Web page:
By Scott Hilgendorff / Cowboys of the Cross
Waiting to do cowboy church at a rodeo recently and just wandering around behind the chutes at a rodeo, I saw a young bull rider with a Bible in his hand. It’s not a common sight anymore so that in itself was encouraging. Was he giving it to someone? Did he want to share something from it with one of the other guys that might have asked him a faith-based question?
Nope, it was with him to read it.
In all the noise and commotion around him with music blasting, rodeo cowboys getting their gear ready and countless other distractions, he stepped off to the side and leaned on a low section of wall around the arena to open his Bible up and read from it.
He spent about 10 minutes with headphones in, ignoring everything around him, reading from his Bible. Afterward, I asked him what he had been reading and it was a chapter in Isaiah.
Even at a rodeo you can find a little of what is referred to as quiet time. ‘Quiet time’ is kind of a church-speak phrase but it takes its example from the Bible. In church terms, quiet time is usually time spent alone studying the Bible and in prayer, obviously with the idea that you’re doing it somewhere without distractions.
Many Christians strive to make this a part of their daily routines to grow closer to God as they talk to Him and learn from His word to us in the books of the Bible.
People didn’t have a Bible to carry around then, all of what we know as the New Testament, hadn’t even been started, so there are no specific verses directing us to make this quiet time with our Bibles. However, there are plenty of scriptures that give us an example of Jesus taking time away from the crowds to spend with God.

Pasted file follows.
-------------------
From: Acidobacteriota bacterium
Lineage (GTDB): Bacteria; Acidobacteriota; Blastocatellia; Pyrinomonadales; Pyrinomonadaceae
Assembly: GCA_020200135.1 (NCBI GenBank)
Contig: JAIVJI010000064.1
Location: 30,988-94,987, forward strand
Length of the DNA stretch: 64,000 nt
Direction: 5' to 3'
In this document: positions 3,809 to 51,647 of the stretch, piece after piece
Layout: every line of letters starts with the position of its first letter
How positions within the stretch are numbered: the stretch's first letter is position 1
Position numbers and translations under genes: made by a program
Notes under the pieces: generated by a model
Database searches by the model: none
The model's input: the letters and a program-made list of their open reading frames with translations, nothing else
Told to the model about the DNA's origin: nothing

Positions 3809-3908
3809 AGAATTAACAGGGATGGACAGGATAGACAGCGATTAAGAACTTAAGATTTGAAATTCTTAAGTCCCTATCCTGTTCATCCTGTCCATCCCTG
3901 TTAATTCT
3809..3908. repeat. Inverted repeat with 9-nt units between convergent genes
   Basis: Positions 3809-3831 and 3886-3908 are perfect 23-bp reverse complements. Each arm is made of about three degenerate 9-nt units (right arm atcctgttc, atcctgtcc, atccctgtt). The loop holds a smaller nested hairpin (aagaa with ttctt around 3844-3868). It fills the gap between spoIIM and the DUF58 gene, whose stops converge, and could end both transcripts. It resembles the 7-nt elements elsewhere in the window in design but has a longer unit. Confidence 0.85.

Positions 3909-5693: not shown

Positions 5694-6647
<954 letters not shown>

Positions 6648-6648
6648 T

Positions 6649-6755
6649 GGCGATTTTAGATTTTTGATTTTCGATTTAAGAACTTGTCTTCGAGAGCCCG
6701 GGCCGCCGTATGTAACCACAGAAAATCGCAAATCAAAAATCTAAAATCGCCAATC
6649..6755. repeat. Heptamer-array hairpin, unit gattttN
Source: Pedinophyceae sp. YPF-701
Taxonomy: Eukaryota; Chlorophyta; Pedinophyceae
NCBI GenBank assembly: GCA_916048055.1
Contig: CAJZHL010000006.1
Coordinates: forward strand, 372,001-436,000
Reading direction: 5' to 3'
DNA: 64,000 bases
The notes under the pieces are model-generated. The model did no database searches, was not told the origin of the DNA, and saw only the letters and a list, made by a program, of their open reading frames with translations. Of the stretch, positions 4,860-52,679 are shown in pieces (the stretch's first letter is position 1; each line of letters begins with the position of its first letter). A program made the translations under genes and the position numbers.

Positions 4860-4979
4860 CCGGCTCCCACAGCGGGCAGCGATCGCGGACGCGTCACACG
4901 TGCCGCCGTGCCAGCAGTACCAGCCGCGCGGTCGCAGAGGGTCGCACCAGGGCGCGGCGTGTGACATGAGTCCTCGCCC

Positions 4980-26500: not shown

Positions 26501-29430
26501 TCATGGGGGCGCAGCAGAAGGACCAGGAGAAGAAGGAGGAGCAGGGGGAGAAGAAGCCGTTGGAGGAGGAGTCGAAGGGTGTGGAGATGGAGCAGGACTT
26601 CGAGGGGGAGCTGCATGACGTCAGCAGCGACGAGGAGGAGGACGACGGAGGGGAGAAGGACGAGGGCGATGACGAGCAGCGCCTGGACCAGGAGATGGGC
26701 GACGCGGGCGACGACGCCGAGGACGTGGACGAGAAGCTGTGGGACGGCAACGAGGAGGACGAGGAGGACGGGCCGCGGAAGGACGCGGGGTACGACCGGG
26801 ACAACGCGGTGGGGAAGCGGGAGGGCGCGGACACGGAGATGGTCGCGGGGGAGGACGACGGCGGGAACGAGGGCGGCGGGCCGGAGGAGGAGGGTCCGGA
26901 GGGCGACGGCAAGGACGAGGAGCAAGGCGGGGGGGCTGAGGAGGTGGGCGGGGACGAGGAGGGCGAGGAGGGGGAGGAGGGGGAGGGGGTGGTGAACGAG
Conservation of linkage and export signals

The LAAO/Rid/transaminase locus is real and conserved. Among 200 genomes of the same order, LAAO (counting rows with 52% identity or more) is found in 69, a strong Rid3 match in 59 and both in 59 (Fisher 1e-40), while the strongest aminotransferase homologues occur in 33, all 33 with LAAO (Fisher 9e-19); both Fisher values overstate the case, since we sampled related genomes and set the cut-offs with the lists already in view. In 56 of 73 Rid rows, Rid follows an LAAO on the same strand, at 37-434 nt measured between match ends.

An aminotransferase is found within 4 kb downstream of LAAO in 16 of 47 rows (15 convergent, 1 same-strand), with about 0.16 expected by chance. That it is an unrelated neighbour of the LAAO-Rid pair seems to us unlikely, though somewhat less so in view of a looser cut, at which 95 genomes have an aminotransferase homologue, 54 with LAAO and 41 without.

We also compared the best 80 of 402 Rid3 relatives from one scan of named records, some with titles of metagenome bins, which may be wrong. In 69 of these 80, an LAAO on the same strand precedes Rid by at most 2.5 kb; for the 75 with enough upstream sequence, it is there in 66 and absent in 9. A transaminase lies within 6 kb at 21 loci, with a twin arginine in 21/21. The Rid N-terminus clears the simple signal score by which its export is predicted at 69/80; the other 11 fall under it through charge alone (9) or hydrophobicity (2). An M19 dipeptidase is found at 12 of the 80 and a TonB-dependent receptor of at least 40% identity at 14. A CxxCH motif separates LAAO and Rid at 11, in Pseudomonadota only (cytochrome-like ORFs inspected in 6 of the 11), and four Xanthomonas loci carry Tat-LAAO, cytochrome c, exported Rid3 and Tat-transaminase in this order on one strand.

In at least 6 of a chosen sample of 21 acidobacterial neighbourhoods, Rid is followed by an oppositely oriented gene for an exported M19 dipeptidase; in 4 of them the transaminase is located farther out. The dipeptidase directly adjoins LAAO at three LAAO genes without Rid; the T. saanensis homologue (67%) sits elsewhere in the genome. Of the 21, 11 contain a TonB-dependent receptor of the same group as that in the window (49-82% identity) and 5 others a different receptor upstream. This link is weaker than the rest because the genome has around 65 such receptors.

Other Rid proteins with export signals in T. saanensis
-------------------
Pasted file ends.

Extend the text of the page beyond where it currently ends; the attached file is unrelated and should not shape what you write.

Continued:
Several times, Jesus would go off by himself to spend time with God.
Mark 1:35 And rising very early in the morning, while it was still dark, he departed and went out to a desolate place, and there he prayed.
The verse in Mark was between an intense period of time Jesus spent teaching and working miracles. He broke away from the crowds to be alone to pray. Then in Luke, early is his time teaching, he had just healed a man with leprosy and word was spreading of the miracles he was working. It was causing crowds to gather and follow him. The work he was doing was essential to God’s plan for salvation, but he still broke away to spend time alone with God.
The clearest example is for us to make time to pray but as Christians, now armed with Bibles we understand is the main way God speaks to us, it only makes sense that we follow Jesus’s example and take time to not just pray but also read what we know to be God’s word to us.
And while the example Jesus gave us was to go away in isolation, even in a crowded place, this cowboy still managed to make a quiet place for himself to spend a few minutes in the Bible to put God first before getting his mind on the business of competing.